Flora Growth, based in Bucaramanga, Colombia, captures rainwater on its 1,000-acre outdoor cannabis grow to supplement its irrigation water. (Photo courtesy of Flora Growth)
Cannabis growers looking to take their cultivation sustainability methods to the next level are adopting the tenets of regenerative farming.
The core principle of regenerative farming is “closing the loop,” or trying to reuse or recycle resources in as many stages of the cannabis plant’s life cycle as possible.
The upfront cost of starting such a system can be steep, but proponents say the benefits are worth it in the long run.
For outdoor and indoor cultivators, that includes:
- Using living soilthat doesn’t require added nutrients.
- Capturing wastewater for reuse.
- Reducing energy consumption through the use of cooler, outside air to lower the temperature in an indoor grow or greenhouse.
- Incorporating an integrated pest-management system through the use of certain insects, mites and organisms.
- Using eco-friendly packaging.
“Regenerative farming in today’s industry means trying to close the loop in as many ways as possible,” said Lex Corwin, founder of Stone Road, a cannabis company with a grow site in Nevada City, California.
A smaller footprint
At Stone Road, the company avoids drawing power or water from outside sources.
Instead, the company relies on solar power and artesian wells for its energy and irrigation needs.
For Corwin, regenerative farming means making compost and using local amendments to provide nutrients for the cannabis plants instead of buying nutrients at the store and trucking them to his farm.
For pest control, rather than spraying pests with chemical-based pesticides, Stone Road uses a system of beneficial fungi to protect plant roots.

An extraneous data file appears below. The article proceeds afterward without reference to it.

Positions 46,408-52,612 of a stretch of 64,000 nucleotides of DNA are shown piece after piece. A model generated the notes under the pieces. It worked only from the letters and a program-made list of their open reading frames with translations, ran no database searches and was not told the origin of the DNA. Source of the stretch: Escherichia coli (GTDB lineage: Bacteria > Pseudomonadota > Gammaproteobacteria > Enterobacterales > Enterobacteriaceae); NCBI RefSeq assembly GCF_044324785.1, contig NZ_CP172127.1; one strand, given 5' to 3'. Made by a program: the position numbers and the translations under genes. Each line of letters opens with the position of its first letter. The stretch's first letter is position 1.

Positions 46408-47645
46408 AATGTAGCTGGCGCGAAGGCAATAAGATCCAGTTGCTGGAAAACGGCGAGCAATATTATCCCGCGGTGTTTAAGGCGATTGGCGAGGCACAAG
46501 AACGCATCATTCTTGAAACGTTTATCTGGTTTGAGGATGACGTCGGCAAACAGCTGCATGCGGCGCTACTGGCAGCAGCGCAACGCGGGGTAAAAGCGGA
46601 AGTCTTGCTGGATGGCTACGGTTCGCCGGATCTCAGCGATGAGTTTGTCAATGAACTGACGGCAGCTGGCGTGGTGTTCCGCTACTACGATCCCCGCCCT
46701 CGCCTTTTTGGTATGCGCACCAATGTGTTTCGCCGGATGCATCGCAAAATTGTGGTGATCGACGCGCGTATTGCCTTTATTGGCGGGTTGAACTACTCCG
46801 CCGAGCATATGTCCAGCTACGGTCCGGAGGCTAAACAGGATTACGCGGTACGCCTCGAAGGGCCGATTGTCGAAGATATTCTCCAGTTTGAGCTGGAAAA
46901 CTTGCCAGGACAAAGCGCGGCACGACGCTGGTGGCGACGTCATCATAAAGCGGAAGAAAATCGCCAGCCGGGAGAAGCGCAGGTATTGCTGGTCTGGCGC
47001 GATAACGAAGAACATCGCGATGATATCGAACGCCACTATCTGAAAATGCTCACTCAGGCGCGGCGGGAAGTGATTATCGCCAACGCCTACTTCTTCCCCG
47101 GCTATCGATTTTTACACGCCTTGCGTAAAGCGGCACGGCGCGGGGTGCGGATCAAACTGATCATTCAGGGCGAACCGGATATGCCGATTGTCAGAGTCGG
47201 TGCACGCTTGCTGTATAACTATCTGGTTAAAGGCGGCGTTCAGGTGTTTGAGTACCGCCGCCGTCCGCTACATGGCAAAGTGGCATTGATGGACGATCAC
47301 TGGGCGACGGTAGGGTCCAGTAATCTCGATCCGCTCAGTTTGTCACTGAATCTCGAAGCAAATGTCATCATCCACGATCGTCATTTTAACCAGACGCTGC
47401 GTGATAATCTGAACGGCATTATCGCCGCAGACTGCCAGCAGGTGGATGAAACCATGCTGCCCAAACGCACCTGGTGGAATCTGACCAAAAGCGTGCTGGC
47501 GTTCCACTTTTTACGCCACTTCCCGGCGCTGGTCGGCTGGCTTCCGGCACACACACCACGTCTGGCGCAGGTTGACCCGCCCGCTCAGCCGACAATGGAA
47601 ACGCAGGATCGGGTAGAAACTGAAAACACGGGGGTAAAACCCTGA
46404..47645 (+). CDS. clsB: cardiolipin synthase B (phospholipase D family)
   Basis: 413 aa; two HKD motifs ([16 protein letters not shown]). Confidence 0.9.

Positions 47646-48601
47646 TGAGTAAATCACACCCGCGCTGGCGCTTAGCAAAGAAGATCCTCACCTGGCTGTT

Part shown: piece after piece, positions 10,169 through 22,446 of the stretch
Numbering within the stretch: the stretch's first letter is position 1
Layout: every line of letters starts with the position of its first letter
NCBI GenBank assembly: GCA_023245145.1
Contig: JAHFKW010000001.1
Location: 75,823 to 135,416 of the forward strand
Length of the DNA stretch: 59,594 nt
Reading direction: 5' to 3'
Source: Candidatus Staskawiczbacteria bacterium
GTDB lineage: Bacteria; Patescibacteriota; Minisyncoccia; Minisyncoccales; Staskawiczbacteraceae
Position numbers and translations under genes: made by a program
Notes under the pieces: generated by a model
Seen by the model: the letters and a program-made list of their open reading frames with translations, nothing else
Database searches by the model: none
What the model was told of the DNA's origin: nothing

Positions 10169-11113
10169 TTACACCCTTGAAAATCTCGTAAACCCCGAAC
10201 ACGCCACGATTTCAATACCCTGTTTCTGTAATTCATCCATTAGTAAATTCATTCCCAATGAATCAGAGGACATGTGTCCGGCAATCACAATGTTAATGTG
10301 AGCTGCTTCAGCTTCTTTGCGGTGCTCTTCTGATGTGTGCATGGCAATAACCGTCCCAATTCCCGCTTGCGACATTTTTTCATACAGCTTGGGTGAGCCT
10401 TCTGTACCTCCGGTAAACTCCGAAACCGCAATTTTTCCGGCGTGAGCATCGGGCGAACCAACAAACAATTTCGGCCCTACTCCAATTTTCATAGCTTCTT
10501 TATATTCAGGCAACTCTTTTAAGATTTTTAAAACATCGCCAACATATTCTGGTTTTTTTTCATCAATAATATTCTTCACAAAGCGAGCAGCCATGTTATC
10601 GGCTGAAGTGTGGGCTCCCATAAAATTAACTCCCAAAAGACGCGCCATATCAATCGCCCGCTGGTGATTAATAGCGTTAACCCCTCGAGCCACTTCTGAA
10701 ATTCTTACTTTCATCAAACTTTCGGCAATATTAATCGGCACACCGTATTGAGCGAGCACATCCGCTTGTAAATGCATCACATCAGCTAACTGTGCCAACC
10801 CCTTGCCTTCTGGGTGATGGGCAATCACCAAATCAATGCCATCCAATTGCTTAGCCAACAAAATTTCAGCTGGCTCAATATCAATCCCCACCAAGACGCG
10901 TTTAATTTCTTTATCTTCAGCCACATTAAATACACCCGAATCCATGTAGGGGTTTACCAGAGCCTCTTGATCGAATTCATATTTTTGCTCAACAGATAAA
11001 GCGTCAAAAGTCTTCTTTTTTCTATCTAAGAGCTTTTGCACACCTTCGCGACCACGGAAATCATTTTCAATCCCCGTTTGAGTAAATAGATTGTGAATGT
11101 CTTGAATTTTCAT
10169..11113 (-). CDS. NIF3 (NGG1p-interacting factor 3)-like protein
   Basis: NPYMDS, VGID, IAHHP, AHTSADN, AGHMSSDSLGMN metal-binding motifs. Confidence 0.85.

The company also deploys ladybugs and predator mites to fight off bad bugs such as aphids.
In addition, Corwin seeks out sustainable-packaging solutions.
“The amount of mylar bags this industry uses is criminal,” he said. “There are paper and other recyclable options out there for comparable prices.
“It’s ultimately trying to lower your footprint in any way possible.”
An unlikely method
Corwin gave the following example: Ladybugs are an effective way to control harmful mites.
But without a tree to build a nest in, the alternative is to order the critters from a local grow store, which might truck them in from out of state.
The ladybugs must be picked up by car or truck.
“You’ve spent time, money and a ton of fuel to get those lady bugs there,” he added.
Getting that system set up can be financially draining, according to Corwin. But it’s worth it.
“Once up and running, a closed-loop nutrient and pest-management system will save you tons of money,” he said.
“All of this effort took years to get it completely operational, but now that we’ve invested the time, energy and capital – our costs are a fraction of a similar-sized grow.”
Soil like a city